The BSO Partnership with Leipzig's Gewandhaus orchester


Under the leadership of andris nelsons, boston symphony orchestra (bso) enters into new multidimensional relationship with leipzig's gewandhaus orchester (gwo) in connection with mr. Nelsons' appointment as that orchestra's gewandhauskapellmeister beginning in fall 2017; mr. Nelsons takes on new title in addition to his dedicated commitment as the bso's music director through 2022 and beyond





The Boston Symphony Orchestra and Gewandhausorchester Leipzig Alliance is supported by a leadership gift from the Gregory E. Bulger Foundation/Gregory Bulger & Richard Dix.

[Andris Nelsons (photo by Marco Borggreve)]The  Boston Symphony Orchestra and  BSO Music Director Andris Nelsons will enter into a unique multidimensional partnership with  Leipzig's  Gewandhausorchester in connection with Mr. Nelsons' appointment as that orchestra's Gewandhauskapellmeister, starting with the 2017-18 season. Mr. Nelsons takes on this new title with the Gewandhausorchester in addition to his long-term commitment as the Boston Symphony Orchestra Music Director through 2022 and beyond; the GWO appointment also plays a role in consolidating Mr. Nelsons' European activities. The  BSO/GWO Alliance will explore the many historic connections between these two world-famous orchestras, inspire new cultural exchanges, and create a wide spectrum of performance and educational programs designed to bring a new dimension of concert experience to each of the orchestra's respective audiences. As the central figure in bringing the BSO and GWO together, Andris Nelsons will be intricately involved in the planning and implementation of all the programming initiatives between the two orchestras.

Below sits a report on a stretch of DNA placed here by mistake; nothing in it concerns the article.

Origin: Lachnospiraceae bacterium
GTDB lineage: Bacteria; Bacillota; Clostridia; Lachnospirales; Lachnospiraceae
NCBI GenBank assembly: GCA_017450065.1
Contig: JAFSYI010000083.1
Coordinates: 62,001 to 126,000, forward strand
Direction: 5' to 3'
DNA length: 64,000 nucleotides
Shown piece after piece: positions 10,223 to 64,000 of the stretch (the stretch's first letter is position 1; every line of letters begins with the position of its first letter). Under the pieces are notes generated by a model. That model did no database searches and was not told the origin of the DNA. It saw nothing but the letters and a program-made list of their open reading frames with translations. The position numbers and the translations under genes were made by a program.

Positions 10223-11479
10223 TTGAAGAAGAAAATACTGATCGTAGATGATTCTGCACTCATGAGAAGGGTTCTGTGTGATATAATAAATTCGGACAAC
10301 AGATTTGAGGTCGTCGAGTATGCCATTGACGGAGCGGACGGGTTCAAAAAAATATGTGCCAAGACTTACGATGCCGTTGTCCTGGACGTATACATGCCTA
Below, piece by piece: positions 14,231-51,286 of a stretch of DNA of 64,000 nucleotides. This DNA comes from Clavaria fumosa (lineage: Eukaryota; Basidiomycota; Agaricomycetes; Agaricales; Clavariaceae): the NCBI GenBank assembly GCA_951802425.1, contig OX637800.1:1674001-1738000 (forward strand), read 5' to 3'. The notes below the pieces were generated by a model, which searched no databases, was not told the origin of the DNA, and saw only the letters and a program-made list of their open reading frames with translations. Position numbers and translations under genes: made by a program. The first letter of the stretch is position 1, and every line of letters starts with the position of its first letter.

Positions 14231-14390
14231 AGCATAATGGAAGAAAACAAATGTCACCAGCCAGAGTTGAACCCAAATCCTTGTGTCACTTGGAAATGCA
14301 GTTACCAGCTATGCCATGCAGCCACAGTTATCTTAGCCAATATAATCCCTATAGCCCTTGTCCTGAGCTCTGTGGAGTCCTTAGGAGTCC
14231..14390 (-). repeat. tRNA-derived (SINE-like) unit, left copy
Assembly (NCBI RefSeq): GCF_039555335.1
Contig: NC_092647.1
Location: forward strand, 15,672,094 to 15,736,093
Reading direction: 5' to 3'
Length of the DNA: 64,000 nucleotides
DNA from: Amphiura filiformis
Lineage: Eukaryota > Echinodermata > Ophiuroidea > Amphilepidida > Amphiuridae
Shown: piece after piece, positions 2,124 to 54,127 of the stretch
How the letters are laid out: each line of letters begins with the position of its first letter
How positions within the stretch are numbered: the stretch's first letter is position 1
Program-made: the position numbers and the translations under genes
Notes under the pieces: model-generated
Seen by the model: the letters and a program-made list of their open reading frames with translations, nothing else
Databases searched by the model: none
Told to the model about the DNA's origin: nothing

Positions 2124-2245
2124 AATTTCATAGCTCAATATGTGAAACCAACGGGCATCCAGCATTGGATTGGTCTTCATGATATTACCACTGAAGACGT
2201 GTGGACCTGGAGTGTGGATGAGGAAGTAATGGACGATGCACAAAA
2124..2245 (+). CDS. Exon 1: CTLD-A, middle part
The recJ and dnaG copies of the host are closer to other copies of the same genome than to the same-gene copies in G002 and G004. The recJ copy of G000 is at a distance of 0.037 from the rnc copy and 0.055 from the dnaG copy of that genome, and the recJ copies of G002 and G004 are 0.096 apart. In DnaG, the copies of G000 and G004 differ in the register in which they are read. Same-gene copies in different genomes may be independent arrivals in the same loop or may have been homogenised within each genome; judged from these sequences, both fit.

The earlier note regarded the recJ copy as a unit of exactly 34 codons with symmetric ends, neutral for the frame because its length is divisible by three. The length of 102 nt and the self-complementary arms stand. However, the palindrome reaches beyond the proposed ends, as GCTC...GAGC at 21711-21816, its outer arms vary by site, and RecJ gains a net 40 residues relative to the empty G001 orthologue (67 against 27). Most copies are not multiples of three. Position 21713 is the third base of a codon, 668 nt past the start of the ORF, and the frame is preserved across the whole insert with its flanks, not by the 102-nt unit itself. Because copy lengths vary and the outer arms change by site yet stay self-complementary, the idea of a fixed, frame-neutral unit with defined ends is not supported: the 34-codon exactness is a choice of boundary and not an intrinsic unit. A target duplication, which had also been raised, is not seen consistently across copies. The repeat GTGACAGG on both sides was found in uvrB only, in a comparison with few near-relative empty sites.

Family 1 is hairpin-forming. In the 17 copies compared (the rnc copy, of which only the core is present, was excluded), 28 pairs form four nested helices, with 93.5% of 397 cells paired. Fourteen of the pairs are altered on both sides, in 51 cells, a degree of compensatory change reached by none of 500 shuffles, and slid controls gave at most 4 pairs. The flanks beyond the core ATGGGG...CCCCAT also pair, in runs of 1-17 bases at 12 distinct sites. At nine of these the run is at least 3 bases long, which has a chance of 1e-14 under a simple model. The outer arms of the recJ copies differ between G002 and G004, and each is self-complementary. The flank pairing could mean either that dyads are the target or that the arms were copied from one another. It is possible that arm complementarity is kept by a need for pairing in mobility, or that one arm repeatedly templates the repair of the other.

The Boston Symphony Orchestra and Gewandhausorchester Alliance will informally begin in May 2016 when the BSO, as part of a European tour to the major musical capitals of Austria, Germany, and Luxembourg, makes its debut performance in Leipzig's Gewandhaus, one of the great European halls after which Boston's Symphony Hall was modeled (1884 version). The BSO/GWO Alliance officially takes place over a five-year period beginning with the 2017-18 concert season. 



Co-commissions and Educational Initiatives
The BSO/GWO Alliance, under the leadership of Andris Nelsons, will feature a series of co-commissions, with new works presented each year of the partnership, starting with a work by German composer  Jörg Widmann to be premiered in Boston and Leipzig in the 2017-18 concert season. The commissioning program-featuring an array of international composers representing a diversity of styles and generations-will create new works to be performed by both ensembles during their subscription seasons. The Alliance will also focus on some key educational initiatives including a program that will give Conducting Fellows of the Tanglewood Music Center (BSO's acclaimed summer music academy in western Massachusetts) an opportunity to assist Andris Nelsons with his work with the Gewandhausorchester. BSO musicians will also take part in the GWO's chamber music education series. 

Programming Highlighting Each Orchestra's Musical Heritage
During the 2017-18 subscription season, the BSO will celebrate "Leipzig Week in Boston" at Symphony Hall and the GWO will celebrate "Boston Week in Leipzig" at the Gewandhaus, giving each orchestra an opportunity to focus on some of the repertory for which their partner organization is best known. Since its founding in 1743, the GWO has been associated with some of the greatest figures of music history.  The orchestra has given the premiere of works by such luminaries of the classical music as Beethoven, Schumann, Mendelssohn, and Brahms; this tradition has continued into the 20th and 21st centuries with scores by such significant composers as Henze, Kanscheli, and Rihm, among others.  The BSO's own compositional legacy is, likewise, without parallel, including some of the seminal scores of the last century from composers ranging from Stravinsky, Prokofiev, and Bartók, to Messiaen and Dutilleux, and a myriad of Americans including, Copland, Bernstein, Sessions, Carter, and Harbison, among others. This programming strand-with each orchestra spotlighting the others musical tradition-will also be featured in chamber music performances, lectures, panel discussions, and exhibits, with the goal of bringing audiences a new understanding of this great repertoire.